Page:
From the list on formidable Black women, whose lives mattered.
Who am I?
As an academic, activist, author, and a student of American women’s history, I’m passionate about recognizing the contributions of diverse American women. I graduated from Wellesley College, on the cusp of the 1970s women’s movement. My doctoral dissertation, a biography of suffragist Elizabeth Cady Stanton, in Her Own Right, hailed by both Oprah and the Wall Street Journal, was the basis of Ken Burns’ documentary, Not for Ourselves Alone. My career centered on women: working to advance women’s rights, writing and teaching women’s history, and leading a girls’ school. As a cisgender white woman, I’m a member of the Society of American Historians and Veteran Feminists of America.
Elisabeth's book list on formidable Black women, whose lives mattered
Discover why each book is one of Elisabeth's favorite books.
Why did Elisabeth love this book?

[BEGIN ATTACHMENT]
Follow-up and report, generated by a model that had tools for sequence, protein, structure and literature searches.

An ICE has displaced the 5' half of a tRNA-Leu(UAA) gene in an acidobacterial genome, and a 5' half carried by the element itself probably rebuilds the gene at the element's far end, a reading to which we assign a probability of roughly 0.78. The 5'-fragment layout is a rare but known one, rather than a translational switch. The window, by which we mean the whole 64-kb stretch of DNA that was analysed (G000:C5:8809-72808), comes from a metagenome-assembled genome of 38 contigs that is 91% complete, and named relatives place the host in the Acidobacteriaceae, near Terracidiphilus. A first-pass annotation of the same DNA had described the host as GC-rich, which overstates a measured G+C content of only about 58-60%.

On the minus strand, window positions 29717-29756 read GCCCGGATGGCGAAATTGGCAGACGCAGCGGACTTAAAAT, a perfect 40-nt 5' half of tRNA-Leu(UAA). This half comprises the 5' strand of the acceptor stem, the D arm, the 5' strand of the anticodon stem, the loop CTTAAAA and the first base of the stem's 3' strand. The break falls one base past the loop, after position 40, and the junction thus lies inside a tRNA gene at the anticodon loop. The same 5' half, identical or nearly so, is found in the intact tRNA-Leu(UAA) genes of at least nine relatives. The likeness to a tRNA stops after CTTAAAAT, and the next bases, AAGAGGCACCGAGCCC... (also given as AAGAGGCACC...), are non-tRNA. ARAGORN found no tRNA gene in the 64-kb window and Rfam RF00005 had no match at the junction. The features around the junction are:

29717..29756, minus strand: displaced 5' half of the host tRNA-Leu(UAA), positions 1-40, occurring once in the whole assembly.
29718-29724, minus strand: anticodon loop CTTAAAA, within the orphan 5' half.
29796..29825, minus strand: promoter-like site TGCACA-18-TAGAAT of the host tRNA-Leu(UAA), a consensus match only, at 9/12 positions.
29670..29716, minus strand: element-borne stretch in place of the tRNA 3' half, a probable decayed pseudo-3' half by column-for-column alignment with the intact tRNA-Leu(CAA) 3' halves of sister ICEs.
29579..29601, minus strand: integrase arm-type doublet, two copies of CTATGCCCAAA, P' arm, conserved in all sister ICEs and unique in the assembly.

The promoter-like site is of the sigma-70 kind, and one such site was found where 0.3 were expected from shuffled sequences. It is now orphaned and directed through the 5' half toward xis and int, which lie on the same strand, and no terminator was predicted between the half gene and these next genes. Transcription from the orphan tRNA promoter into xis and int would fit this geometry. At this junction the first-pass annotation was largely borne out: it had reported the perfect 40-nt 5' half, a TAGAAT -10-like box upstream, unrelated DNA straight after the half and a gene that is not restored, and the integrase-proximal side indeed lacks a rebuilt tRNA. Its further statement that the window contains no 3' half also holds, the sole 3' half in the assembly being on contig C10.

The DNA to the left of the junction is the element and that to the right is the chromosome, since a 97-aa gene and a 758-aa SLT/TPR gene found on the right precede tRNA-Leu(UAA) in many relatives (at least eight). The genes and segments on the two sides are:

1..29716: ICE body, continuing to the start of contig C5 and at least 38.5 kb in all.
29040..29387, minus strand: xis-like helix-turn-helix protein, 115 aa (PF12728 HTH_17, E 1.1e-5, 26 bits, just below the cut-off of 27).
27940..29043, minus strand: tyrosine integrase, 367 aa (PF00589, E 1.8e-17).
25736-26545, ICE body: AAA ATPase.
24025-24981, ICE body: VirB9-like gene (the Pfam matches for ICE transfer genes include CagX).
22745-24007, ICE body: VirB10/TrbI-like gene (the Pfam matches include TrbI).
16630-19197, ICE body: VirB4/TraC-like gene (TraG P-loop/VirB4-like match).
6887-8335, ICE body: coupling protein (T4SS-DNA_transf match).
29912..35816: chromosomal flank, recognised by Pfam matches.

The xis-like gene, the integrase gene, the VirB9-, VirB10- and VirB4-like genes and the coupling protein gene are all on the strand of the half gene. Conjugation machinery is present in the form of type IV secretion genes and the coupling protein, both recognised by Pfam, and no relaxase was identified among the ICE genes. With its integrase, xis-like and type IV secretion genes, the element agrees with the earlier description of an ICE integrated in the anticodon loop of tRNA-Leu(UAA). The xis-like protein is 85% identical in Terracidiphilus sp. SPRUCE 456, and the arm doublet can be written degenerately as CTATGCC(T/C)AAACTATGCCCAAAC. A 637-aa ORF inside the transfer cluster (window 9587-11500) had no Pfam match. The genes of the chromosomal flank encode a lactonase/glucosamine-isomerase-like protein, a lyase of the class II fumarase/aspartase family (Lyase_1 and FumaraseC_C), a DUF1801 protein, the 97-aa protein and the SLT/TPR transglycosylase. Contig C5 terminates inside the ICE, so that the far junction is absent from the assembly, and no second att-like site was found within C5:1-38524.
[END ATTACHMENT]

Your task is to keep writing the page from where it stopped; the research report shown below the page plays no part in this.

This is the biography of the author’s grandmother, Adella Hunt Logan (1863-1915), a teacher at Tuskegee. W.E.B. DuBois, who challenged Booker T. Washington’s vocational vision for Black Americans, gave her the title princess. Like Terrell, Logan could “pass” for white, but rarely did: to travel safely north and to have kidney surgery in a white hospital. Unlike Terrell, she was the product of her mother’s and grandmother’s longstanding, consensual relationships with slaveholders. Logan’s life was confined by racism, sexism, marriage, and motherhood, yet she urged reluctant Black women to pursue suffrage, lobbied for equal pay, and espoused reproductive rights, before her tragic death. She was the only Black lifetime member of the National American Woman’s Suffrage Association and the only member enrolled from Alabama. The author incorporates public records, family archives, stories handed down, and African myths to choreograph this compelling tour de force.